Do people in some places send more positive tweets compared with people in other places? Are men or women more likely to tweet about being happy? What topics are people most likely to send cheerful tweets about?
Brandwatch recently set out to answer those questions by examining hundreds of thousands of tweets sent between November 2013 and November 2014. The researchers used the Brandwatch analytics platform to look for tweets containing certain emotional phrases, such as "good day," "bad day," "love life," and "hate life." The results were then broken down by location, gender, and keywords that might indicate topic (such as "family," "work," "money," etc).
Below, key findings from the report.
Georgia residents have the highest ratio of "good day" to "bad day" mentions of any US state (i.e., they use the phrase "good day" in tweets much more often compared with "bad day"); Delaware has the lowest ratio.
Denver has the highest "good day" to "bad day" ratio of the 30 cities in the United States with the biggest populations; Louisville has the lowest.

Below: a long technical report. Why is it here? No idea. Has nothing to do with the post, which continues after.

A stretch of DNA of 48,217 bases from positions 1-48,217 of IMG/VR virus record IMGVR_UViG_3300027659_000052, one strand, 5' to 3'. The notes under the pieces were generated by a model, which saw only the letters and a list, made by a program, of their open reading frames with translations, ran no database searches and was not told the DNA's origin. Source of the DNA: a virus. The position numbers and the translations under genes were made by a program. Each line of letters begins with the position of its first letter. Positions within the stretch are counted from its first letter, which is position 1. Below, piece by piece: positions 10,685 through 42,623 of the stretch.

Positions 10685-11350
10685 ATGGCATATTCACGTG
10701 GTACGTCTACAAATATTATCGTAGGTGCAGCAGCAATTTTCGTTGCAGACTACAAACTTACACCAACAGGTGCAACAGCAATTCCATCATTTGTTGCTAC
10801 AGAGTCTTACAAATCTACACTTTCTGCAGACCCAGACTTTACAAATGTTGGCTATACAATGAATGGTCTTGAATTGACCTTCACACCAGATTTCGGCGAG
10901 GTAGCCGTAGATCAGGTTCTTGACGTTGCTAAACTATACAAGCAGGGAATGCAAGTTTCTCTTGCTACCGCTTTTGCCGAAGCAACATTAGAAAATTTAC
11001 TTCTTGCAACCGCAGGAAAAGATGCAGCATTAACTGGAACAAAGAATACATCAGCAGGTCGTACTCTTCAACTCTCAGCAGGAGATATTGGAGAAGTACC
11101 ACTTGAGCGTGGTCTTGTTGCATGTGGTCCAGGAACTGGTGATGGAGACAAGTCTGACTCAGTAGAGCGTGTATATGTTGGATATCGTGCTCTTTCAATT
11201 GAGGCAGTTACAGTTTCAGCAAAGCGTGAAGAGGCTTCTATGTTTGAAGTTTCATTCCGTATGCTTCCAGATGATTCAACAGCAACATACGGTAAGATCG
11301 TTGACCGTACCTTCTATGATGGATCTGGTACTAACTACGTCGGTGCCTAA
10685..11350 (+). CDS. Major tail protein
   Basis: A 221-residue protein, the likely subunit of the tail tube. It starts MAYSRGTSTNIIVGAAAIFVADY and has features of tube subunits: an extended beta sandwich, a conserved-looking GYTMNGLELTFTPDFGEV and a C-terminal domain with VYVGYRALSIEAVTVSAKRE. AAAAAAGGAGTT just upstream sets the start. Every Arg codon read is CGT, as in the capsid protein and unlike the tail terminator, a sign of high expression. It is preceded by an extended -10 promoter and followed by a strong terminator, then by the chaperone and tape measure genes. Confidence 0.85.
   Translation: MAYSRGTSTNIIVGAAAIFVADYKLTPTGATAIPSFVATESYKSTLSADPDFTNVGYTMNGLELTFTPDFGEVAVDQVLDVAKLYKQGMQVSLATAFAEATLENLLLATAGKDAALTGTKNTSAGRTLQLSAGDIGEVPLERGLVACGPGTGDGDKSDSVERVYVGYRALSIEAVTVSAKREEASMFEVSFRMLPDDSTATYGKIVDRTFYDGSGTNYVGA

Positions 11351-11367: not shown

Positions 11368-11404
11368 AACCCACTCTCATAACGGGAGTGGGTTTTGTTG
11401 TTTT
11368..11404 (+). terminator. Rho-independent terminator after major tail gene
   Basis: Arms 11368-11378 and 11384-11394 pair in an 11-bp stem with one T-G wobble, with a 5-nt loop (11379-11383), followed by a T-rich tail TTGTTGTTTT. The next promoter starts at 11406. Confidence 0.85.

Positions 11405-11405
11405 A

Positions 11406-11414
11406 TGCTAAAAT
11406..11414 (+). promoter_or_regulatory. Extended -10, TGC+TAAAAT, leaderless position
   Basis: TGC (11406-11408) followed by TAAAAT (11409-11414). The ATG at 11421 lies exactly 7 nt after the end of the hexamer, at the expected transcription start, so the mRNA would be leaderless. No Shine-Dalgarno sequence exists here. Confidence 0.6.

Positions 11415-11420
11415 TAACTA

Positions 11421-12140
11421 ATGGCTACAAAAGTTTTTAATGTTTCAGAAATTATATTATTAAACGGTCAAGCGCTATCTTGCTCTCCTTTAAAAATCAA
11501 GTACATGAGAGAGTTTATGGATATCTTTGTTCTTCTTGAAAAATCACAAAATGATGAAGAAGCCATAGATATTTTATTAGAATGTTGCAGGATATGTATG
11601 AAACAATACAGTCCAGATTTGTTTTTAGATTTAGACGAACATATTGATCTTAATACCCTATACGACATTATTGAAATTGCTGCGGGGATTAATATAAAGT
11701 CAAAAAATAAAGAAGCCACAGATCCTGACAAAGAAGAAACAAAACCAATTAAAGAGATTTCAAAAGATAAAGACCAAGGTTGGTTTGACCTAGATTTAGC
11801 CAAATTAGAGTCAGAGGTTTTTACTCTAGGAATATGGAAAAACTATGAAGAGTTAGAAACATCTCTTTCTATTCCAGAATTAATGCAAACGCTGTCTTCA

Men have a higher ratio of "good day" to "bad day" tweets than women do.
Men and women do not differ in how often they use the phrases "love life" and "hate life" in their tweets.
Tweets mentioning "good day" are much more likely to be about family/friends and money than about work. Mentions of family/friends also often accompany tweets that include the phrase "love life."
About the research: The report was based on data from an analysis of hundreds of thousands of tweets sent between November 2013 and November 2014.
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